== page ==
Serious Games
IMGD 404X - C Term 2011

Student Work: Serious Game Prototypes

  • Disposomania (compulsive hoarding) - concept document / presentation
  • The Shocking Truth (electroconvulsive therapy) - concept document / presentation
  • (middle-school algebra) - concept document / presentation

    Serious Game Analyses

  • Course Description: This course explores the application of the technologies and design principles of interactive media and game development beyond traditional entertainment. The purpose of such applications is typically to change people's behaviors, knowledge and/or attitudes in diverse areas including health care, training, education, simulation, politics, marketing and art. Students will read about, experiment with, compare and discuss examples, as well as the underlying philosophies and issues specific to this genre, such as needs analysis and rigorous evaluation. Students in groups will also research a new application and produce a concept document and prototype. Advanced programming skill is not required, but a background in game design is strongly recommended.

    Course Objectives and Outcomes

    Recommended Background: IMGD 1001 and either IMGD 2000 or IMGD 2001

    Class Times: Mon/Tues/Thurs/Fri, 12:00pm - 12:50pm

    Class Location: Atwater Kent Laboratories, Room 232

    Required Text: N. Iuppa and T. Borst, End-to-End Game Development: Creating Independent Serious Games and Simulations from Start to Finish, Focal Press (Elsevier), Burlington, MA, 2010.

    Other Resources:
  • Books
  • Playable Games
  • Video Clips
  • Companies
  • Organizations/Web sites
  • Conferences
  • Courses

    From this course:

  • Game Analyses

  • Detailed Schedule: Html version with links for games and readings --- Pdf version for printing

    Schedule is subject to change!

    Bibliography of readings

    There will be a 5-minute pass/fail quiz at the start of each class with reading preparation (see schedule). The quiz will consist of one or two simple short-answer questions which should be easy to answer if you actually read the assigned reading(s). See grading.

    Homework Instructions:

  • Scientific Paper Presentation Template (including Case Study Papers): ppt pdf -- one per student

  • Game Analysis Template: html -- one in pairs, one individual (see similar examples at MSU)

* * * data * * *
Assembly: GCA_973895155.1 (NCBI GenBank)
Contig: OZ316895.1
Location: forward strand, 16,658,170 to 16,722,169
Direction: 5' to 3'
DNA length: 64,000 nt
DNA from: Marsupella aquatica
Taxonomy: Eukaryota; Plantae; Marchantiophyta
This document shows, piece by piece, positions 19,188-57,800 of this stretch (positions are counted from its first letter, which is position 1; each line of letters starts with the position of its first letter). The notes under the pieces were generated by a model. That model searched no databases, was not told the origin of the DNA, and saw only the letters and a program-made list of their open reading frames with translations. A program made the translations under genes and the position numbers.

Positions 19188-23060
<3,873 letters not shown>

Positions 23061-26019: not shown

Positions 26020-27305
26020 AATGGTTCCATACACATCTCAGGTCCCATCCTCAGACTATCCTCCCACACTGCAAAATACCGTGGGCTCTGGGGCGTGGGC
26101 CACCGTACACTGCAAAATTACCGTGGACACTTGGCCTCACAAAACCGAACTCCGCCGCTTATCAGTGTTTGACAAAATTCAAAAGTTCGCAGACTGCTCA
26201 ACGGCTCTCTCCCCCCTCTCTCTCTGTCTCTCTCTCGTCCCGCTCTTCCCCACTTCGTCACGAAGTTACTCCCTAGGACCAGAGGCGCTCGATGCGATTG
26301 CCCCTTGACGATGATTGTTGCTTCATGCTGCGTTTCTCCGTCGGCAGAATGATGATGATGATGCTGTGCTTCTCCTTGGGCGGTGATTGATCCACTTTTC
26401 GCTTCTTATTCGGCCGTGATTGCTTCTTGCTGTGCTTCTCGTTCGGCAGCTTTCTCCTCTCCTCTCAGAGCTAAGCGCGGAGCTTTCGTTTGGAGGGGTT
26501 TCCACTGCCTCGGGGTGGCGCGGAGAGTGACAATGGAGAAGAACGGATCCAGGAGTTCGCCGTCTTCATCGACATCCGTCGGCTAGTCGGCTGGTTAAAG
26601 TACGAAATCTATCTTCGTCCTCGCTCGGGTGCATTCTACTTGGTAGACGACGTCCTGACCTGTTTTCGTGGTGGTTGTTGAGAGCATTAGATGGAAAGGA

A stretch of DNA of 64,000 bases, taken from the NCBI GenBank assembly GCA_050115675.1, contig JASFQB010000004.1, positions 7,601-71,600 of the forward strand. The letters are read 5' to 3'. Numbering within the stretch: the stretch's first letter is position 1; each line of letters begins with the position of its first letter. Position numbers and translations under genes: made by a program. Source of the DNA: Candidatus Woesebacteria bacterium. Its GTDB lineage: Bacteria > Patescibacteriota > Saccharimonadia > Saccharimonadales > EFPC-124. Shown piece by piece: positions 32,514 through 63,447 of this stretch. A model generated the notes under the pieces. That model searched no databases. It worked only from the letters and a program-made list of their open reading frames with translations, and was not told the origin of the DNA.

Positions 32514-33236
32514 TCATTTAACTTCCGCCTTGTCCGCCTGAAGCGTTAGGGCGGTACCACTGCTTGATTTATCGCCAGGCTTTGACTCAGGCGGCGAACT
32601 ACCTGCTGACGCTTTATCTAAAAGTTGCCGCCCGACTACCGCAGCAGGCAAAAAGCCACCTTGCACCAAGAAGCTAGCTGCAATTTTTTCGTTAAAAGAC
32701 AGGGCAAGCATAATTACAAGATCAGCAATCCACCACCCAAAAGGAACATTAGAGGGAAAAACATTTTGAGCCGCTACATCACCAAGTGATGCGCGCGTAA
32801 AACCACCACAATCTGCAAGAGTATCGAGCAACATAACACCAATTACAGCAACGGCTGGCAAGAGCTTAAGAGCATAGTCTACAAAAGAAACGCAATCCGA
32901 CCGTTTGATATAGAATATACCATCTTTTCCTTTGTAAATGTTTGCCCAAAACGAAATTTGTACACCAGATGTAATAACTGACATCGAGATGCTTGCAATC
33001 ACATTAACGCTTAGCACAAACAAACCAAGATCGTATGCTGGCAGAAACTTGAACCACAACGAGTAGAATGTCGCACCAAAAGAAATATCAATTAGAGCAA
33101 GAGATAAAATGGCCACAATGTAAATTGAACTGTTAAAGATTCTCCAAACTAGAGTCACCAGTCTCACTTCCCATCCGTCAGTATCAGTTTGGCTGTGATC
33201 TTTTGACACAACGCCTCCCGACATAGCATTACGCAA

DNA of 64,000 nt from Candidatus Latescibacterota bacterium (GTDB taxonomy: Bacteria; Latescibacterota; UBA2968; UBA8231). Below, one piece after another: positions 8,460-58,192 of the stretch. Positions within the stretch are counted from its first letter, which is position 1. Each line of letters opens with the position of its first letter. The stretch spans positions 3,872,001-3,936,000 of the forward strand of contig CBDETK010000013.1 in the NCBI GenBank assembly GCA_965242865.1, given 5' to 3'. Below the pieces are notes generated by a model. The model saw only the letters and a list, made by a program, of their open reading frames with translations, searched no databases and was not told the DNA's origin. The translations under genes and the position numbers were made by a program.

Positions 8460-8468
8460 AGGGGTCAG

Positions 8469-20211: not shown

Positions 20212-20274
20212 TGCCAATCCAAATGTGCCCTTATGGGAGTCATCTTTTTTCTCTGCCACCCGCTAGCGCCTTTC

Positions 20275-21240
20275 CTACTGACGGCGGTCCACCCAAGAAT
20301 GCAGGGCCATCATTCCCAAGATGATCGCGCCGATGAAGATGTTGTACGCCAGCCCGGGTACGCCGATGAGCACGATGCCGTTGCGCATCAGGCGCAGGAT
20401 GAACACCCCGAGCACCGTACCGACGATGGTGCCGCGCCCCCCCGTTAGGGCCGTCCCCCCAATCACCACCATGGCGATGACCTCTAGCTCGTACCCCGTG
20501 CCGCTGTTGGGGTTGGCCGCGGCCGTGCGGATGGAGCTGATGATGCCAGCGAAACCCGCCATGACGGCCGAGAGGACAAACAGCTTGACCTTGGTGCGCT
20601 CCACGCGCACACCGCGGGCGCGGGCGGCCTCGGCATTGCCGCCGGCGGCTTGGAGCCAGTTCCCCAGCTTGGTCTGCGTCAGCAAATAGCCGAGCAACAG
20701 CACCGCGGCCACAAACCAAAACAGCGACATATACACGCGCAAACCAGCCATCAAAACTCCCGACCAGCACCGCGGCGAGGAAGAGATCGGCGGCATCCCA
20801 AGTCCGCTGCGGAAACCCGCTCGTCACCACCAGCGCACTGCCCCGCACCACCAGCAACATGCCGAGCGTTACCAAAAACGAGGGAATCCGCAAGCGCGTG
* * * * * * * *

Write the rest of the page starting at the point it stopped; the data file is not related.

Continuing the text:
Submit each homework as a single zip file (containing all data) via Web Turn-in

  • Project Milestones:

  • Sun, Jan 23 (midnight): Form teams (send email to instructor)
  • Wed, Feb 2 (midnight): Needs/task analysis via Web Turn-in
  • Mon/Tues, Feb 7/8 (in class): Concept document progress reports
  • Sun, Feb 13 (midnight): Concept documents via Web Turn-in
  • Thu/Fri, Mar 3/4 (in class): Prototype presentations

  • Grading:
  • 10% Class Participation (minus 1% for every failed quiz)

  • 20% Scientific Paper Presentation (10% completeness/accuracy; 5% originality; 5% presentation)

  • 30% Game Analysis Presentations (2 x 15% -- 10% content; 5% presentation)

  • 40% Final Project (10% needs/task analysis; 15% concept document; 15% prototype)

    Bonus: up to 10% for handing in analysis of additional game of your choice (see suggestions)---game choice requires prior approval of instructor. Game must not be on MSU list.

    Final grades will reflect the extent to which you have demonstrated understanding of the material and completed the assigned work. The base level grade will be a "B" which indicates that the basic objectives for presentations and project have been met. A grade of an "A" will indicate significant achievement beyond the basic objectives. A grade of a "C" will indicate not all basic objectives were met, but work was satisfactory for credit. No incomplete grades will be assigned unless there exist exceptional, extenuating circumstances.

  • Policies: Attendance
    • Regular class attendance (and active participation) is expected.
    • If you have an unavoidable need to be absent from a class, please let the instructor know in advance if you want to be excused from a quiz.
    Late Homework
    • All homework (presentations) should be submitted via Web Turn-In by midnight before due date.
    • Homework turned up to 24 hours late will immediately be penalized 50% of total assignment value. No credit will be given for homework submitted more than 24 hours after midnight due date.
    • Taking credit for work you did not do is cheating. If you are in doubt, ask the instructor first!
    • Cheating is a serious offense, punishable by an automatic NR for the course.
    • Institute policy on academic honesty will be followed in all cases.